I met my old student in the grocery store the other day. There he was, turning his cart up one aisle as I came out of another. I hesitated a moment before calling out "Phong!" He turned and smiled. I'm sure generations of teachers know the sensation, happening upon a former student during one of life's routines, feeling both awkward and delighted to find yourselves on equal footing. But this was a little different.
Phong was my first student, for years my only student, and my first try at volunteering. I met him two weeks after he and his family stepped off a plane in Syracuse, N.Y., penniless, friendless, knowing almost no English.
That I would see him nearly six years later in a suburban grocery store meant he had made it, by at least one measure of success. I know he succeeded on his own guts and determination. But I like to think I played a small role, the most rewarding role of my life.
I joined Literacy Volunteers of America for the same reasons I suppose others have. I wanted to help. But I was looking for something more, too. I signed up for the English as a Second Language program, knowing it matched tutors with non-English speakers, often refugees. I sought a glimpse into another world, an adventure.
I was not disappointed.
After the 20 hours of tutor training, I left work one night and drove to an inner-city library branch and introduced myself to Phong Vu. He was 10 years older than I, poor and proud, a husband and a father of two. He spoke Vietnamese and some French but very little English. He desperately needed English skills to get a job.
I was in my 30s, single, a newspaper reporter who had only read of wars and refugees, whose life had advanced in familiar episodes of childhood, college, and career.
Phong knew a life both exotic and terrible, experiences he sometimes described with breathtaking succinctness, owing to his limited English. By my age, he had fought and lost a war, endured six years of prison camp, lost his home and almost everything he had ever known. Now he was starting over with nothing. I imagine few teachers ever knew a more dedicated student.
Wednesday nights at 7:30, summers and winters, I met Phong Vu at the library, always, always arriving with him already there. Across a table, we shared our worlds in halting sentences, with pictures and dictionaries and sometimes charade-like pantomime.
From survival skills - reading maps, counting money - we moved on to asking questions, approaching people for information, filling out job applications. Pictures proved a great communicator, and I clipped them like coupons from newspapers and magazines.
"This is a hot dog. Your children already know this."
Over time, I became teacher, friend, and guide, a student of Vietnamese culture. My student called me teacher, but I was the one being educated.
I learned I probably could not do what my student and thousands like him have done, summon the determination to start again, to rise from total defeat. I had read that a refugee is someone who has lost everything, but I did not fully grasp that concept. I thought only of material possessions. I did not picture being severed from a world, from a family, from a way of life.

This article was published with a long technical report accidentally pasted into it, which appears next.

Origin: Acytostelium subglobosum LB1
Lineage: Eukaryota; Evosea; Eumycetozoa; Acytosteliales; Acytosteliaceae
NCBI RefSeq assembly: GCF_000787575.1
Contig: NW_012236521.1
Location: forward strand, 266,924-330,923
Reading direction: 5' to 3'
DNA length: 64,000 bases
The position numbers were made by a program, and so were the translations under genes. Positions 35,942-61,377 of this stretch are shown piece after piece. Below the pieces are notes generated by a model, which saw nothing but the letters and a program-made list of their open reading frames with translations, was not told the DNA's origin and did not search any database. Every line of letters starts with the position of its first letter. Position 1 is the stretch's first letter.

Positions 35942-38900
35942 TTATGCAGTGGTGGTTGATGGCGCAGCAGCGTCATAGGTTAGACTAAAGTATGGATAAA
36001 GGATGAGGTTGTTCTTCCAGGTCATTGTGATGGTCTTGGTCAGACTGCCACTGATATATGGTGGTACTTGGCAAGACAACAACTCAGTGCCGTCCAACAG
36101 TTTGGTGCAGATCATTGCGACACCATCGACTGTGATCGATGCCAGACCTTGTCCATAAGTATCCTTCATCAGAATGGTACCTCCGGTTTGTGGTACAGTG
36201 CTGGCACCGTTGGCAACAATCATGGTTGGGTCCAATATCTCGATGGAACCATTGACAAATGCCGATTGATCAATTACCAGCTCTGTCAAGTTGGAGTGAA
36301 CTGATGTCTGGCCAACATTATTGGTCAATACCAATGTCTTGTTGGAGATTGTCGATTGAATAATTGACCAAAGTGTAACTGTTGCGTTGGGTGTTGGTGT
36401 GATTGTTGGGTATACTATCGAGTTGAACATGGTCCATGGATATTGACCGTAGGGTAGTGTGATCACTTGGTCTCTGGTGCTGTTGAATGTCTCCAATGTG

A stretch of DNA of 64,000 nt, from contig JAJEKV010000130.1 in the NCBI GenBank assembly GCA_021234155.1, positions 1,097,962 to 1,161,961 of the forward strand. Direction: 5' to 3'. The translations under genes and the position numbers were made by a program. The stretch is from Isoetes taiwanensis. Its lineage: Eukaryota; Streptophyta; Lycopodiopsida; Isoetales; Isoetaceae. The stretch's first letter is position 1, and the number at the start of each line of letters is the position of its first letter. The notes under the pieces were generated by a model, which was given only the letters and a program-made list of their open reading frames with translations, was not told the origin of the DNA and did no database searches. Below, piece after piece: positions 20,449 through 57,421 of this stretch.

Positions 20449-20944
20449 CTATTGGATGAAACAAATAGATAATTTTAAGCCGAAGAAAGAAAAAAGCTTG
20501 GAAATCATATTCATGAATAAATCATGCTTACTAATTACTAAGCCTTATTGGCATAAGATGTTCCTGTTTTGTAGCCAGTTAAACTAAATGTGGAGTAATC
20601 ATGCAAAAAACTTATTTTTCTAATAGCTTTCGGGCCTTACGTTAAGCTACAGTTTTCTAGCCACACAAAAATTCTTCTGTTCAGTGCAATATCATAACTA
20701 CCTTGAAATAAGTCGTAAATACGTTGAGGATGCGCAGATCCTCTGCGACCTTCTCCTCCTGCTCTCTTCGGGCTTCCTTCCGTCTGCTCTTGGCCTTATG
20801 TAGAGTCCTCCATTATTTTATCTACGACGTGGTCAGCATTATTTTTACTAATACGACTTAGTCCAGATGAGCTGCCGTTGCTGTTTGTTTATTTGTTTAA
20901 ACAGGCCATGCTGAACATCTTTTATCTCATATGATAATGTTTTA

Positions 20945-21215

I once pressed Phong to tell me what he missed most about Vietnam. He hesitated, struggling to answer. Finally, he wrote out a sentence and passed me the paper.
"I miss everything and everyone," it said.
Of course, I thought, stung by my naivete. Of course.
In tutor training, were were encouraged to ask our students to write short essays. I used essay questions to explore his world, to quench my curiosity. Write a letter home to a friend. Describe strange American customs.
"Children don't always live with their parents," he wrote. "You need a license to fish."
Describe your first week in America. What do you remember most?
After six days, the food ran out in their apartment and no one arrived with more. So Phong walked through an icy December morning to the neighborhood supermarket and stood outside the door.
The first Asian face he approached could not understand him. "Korean," he explained to me. The second, a Vietnamese man, took him inside and showed him how to buy food and then paid for it.
When I picture that first shopping trip, the total helplessness, I ask myself, could I do that?
IT would be wrong to say my student's story is a sad one. As a soldier who fought alongside Americans in the Vietnam War, he and his family would always face persecution in a communist Vietnam. He escaped a twisted world for another chance. He brought out a wife and two young daughters he loves dearly.
In Syracuse, he found a job and then a better one. Mi Han and Ahn Tu, his children, surged ahead. One night, Phong brought their report cards to the library and showed me, beaming. Straight A's.
Last May, he and his wife, Kim, rented a car and drove to Buffalo to take their citizenship tests. Phong called me on a pay phone. He had never sounded so excited. He passed. They both did.